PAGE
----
Here’s a photo from our local newspaper featuring a fire in the town of Weed, in Northern California (you can imagine the jokes that town gets!) of a fireman holding a cat he found during the big wildfire several days ago, after one of many homes burnt.

The cat looks a lot like our Madeline who was born in that region and came from a shelter 40 miles away! A cousin? Maybe! A big salute to fire fighters!


(from Fast-moving wildfire ‘the most horrible thing’ to ever hit Weed at SFGate.com)

“That fire was coming in here pretty good,” said Zach Curren, a firefighter from Napa, who worked the blaze near Angel Valley Road. “But we managed to stop it right there,” he said, pointing to a long, white ranch home with a crew of firefighters spraying down a smoldering roof.

In his arms he held a gray cat he had just found hiding under a pile of clothes in a house across the street from the smoking home. The neighborhood was deserted except for fire crews, and as the whoosh of hoses and grinding of engines filled the air, the cat shivered.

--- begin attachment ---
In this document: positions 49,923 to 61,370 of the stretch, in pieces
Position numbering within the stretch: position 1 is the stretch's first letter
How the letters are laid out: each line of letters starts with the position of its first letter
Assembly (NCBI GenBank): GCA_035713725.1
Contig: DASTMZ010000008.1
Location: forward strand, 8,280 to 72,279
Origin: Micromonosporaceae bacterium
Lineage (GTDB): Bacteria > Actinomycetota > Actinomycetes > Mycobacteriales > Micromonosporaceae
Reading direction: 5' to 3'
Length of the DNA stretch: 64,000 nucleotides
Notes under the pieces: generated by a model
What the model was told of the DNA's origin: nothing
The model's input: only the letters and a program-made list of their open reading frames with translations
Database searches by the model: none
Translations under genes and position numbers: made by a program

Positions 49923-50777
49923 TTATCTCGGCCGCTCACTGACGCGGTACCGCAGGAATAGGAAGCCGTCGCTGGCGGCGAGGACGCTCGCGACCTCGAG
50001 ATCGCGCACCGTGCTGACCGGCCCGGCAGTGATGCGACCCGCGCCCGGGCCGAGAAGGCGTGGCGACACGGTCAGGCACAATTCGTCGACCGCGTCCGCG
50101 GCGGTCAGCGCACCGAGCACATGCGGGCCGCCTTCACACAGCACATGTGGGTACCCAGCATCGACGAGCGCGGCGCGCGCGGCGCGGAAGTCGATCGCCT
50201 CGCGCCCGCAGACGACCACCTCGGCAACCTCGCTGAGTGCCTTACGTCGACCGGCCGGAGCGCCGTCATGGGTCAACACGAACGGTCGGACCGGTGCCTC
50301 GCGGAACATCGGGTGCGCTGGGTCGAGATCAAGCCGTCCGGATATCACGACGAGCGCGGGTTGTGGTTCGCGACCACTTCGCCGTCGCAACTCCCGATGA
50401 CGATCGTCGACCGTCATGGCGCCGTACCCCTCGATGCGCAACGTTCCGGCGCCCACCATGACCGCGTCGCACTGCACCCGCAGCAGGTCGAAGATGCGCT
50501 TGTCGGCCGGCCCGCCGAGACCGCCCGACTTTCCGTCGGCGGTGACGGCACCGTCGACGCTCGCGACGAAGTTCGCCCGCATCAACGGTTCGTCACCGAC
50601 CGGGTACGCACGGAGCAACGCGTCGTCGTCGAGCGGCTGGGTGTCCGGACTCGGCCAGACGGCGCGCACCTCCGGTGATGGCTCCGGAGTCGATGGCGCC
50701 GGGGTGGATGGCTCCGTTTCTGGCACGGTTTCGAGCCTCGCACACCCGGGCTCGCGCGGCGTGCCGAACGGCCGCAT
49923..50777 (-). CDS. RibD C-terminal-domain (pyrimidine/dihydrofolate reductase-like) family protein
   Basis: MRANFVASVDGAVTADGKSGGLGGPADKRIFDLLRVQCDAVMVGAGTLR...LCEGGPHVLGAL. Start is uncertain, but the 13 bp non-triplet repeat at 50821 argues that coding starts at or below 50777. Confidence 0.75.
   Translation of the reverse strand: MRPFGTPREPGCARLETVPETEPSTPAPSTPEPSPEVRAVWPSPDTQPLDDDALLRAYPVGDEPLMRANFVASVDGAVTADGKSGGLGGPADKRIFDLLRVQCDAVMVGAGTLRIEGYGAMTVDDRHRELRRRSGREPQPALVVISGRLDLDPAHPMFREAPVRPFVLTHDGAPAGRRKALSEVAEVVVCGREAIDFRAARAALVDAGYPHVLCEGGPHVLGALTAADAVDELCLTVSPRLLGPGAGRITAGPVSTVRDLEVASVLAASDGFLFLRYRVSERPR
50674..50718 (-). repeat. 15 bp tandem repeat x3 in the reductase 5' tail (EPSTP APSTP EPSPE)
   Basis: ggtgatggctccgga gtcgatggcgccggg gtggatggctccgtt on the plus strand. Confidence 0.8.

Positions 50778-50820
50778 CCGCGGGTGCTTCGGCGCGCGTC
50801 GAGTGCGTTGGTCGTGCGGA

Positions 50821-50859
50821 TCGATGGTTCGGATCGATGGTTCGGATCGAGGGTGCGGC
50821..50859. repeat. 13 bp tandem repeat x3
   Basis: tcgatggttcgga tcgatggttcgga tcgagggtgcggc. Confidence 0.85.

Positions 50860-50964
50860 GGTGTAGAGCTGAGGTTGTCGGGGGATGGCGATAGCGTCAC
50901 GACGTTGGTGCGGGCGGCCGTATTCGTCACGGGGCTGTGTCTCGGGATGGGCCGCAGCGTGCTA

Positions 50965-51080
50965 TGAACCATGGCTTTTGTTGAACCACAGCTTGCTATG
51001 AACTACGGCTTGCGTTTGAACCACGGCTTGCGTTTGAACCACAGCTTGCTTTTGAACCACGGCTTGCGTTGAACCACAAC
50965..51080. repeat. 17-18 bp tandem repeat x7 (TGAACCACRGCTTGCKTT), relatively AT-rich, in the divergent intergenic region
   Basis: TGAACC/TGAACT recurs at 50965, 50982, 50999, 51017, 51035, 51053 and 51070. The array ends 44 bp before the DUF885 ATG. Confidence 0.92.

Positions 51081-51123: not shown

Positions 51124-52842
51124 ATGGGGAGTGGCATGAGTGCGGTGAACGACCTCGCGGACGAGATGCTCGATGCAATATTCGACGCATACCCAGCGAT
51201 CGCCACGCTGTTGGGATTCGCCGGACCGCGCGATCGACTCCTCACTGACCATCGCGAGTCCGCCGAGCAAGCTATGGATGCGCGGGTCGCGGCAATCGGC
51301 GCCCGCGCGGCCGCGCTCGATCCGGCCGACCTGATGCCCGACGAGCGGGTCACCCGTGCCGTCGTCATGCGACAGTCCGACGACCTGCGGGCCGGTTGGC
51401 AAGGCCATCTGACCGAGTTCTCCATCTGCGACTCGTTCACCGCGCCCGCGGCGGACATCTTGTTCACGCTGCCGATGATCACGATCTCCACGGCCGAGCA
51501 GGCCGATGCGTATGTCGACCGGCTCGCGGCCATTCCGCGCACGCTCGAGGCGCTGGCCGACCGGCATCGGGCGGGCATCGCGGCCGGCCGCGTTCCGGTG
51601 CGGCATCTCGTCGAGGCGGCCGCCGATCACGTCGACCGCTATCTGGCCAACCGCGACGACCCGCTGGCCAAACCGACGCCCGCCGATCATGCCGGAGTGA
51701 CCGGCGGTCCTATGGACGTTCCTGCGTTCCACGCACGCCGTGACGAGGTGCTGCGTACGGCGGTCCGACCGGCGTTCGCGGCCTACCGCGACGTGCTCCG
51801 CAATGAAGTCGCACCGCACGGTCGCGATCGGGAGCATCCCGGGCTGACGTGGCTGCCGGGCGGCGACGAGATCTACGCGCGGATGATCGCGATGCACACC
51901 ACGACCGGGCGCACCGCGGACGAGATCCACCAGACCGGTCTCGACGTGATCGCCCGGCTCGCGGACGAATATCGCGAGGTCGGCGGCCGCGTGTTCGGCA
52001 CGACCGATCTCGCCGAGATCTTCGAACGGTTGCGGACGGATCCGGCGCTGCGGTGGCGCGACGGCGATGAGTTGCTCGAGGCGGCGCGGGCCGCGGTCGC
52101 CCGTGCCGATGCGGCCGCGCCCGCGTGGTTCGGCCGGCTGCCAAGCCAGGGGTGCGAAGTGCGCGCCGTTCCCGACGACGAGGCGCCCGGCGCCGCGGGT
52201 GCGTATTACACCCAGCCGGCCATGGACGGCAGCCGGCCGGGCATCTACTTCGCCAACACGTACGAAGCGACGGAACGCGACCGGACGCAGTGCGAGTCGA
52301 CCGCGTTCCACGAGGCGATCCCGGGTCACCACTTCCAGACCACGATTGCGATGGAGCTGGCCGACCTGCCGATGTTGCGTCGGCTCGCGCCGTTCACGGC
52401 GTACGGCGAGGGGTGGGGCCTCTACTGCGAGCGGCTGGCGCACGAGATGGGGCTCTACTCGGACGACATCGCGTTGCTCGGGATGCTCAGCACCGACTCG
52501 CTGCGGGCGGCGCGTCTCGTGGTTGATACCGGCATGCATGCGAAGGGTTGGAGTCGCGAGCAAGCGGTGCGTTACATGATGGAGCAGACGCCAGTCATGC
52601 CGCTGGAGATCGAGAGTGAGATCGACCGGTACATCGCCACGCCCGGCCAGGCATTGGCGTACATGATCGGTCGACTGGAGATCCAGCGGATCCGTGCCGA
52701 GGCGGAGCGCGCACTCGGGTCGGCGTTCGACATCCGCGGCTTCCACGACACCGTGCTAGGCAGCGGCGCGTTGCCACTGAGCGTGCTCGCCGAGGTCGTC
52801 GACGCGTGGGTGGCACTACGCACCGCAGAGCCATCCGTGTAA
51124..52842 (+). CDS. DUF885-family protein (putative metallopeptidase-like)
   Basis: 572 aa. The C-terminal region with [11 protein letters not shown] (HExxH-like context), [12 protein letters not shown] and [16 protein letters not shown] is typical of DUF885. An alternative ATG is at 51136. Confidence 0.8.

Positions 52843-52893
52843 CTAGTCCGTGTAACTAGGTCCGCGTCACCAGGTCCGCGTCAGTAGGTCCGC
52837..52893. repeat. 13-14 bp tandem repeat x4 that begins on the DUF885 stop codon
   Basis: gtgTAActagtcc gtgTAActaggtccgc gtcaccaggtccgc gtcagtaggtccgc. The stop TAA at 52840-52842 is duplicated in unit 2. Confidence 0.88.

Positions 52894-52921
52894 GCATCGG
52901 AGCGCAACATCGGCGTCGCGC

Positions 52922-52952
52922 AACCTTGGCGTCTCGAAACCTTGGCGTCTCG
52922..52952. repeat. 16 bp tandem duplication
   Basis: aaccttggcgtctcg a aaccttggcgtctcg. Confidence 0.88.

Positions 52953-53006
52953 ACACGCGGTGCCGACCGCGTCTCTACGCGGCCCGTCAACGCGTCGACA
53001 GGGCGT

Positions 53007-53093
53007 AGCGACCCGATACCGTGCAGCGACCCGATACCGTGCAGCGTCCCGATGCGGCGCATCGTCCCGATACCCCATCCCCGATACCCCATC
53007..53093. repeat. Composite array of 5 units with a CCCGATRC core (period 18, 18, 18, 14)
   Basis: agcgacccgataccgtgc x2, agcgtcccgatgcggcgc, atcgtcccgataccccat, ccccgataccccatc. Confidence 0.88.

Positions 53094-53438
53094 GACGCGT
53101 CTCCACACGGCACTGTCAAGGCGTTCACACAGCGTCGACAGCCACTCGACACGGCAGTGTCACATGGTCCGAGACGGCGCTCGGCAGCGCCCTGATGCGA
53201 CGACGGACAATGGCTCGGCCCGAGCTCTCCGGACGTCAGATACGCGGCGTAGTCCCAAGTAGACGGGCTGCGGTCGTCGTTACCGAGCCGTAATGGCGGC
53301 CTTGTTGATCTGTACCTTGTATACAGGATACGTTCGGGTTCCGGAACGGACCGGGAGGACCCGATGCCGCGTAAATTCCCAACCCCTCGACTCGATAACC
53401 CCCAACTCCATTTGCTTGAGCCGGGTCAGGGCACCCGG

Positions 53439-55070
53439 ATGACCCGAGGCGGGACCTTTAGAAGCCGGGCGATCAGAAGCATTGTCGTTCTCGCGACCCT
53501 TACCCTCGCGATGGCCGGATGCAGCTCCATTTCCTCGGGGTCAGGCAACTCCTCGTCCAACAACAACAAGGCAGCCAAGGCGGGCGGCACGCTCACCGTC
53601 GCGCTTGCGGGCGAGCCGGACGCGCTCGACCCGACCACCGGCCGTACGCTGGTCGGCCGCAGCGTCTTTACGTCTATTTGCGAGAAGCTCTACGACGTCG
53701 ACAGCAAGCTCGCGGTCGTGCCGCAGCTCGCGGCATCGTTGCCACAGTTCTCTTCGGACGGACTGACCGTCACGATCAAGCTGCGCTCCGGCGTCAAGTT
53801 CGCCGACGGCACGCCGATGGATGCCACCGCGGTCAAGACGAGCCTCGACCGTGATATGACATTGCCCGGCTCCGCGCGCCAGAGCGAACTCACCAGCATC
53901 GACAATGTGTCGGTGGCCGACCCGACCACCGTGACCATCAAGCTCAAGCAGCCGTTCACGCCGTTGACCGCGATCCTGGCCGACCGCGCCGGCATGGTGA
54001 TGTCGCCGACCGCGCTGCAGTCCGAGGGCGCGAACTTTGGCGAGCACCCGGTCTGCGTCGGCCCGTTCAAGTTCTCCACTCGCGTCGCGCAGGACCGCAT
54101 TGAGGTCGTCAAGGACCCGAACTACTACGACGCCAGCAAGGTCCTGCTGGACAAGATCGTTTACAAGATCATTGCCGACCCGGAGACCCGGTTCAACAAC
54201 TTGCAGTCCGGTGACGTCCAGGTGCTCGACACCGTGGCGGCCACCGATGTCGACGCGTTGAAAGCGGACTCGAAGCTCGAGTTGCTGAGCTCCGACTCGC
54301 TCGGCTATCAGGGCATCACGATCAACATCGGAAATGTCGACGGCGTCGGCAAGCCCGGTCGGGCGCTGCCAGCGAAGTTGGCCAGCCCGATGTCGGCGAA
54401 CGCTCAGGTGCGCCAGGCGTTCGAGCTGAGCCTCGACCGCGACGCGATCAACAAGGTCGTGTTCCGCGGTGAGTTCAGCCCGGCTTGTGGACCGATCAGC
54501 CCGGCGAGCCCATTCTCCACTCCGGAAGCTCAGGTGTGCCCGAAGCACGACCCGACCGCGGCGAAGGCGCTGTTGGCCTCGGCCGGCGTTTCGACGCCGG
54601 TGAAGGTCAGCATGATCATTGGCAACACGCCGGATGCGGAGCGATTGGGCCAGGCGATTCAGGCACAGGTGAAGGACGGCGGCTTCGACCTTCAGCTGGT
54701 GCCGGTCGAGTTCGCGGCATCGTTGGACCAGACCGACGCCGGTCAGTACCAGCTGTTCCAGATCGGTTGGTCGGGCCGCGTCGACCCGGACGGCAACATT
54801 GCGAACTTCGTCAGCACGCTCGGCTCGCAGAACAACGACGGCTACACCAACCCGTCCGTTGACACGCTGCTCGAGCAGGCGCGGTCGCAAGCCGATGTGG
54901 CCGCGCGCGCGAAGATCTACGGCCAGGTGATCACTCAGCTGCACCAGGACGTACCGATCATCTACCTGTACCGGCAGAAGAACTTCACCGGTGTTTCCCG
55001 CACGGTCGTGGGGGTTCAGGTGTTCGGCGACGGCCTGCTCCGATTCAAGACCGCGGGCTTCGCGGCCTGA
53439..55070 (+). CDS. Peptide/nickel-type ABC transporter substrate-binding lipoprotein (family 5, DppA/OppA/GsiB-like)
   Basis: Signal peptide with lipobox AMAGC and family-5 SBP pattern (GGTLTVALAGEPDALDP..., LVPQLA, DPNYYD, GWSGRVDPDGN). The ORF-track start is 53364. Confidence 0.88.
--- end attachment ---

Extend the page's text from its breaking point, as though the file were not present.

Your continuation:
“Poor thing’s scared to death,” Curren murmured. “A lot of people were, too.”


About two years ago we posted an article to our blog about how you can help firefighters help cats by donating specially sized oxygen masks for animals.



This photo is from a video that is an extremely moving collage of fire fighters rescuing cats from fires. The music is great! You’ll need much tissue!

You can watch all of the video on our blog post on the oxygen masks.

A customer of ours told us about Mara DiGrazia, a veterinarian on Long Island. “She has donated hundreds of animal-sized oxygen masks to numerous fire departments throughout Long Island so they can dispense oxygen properly to animals who are rescued from fires. Without those masks, sadly many beloved animals die even though firefighters heroically rescue them from the flames of the fire because they couldn’t receive life-saving oxygen properly. This is something that makes perfect sense yet I never thought about until I heard Mara was doing it.”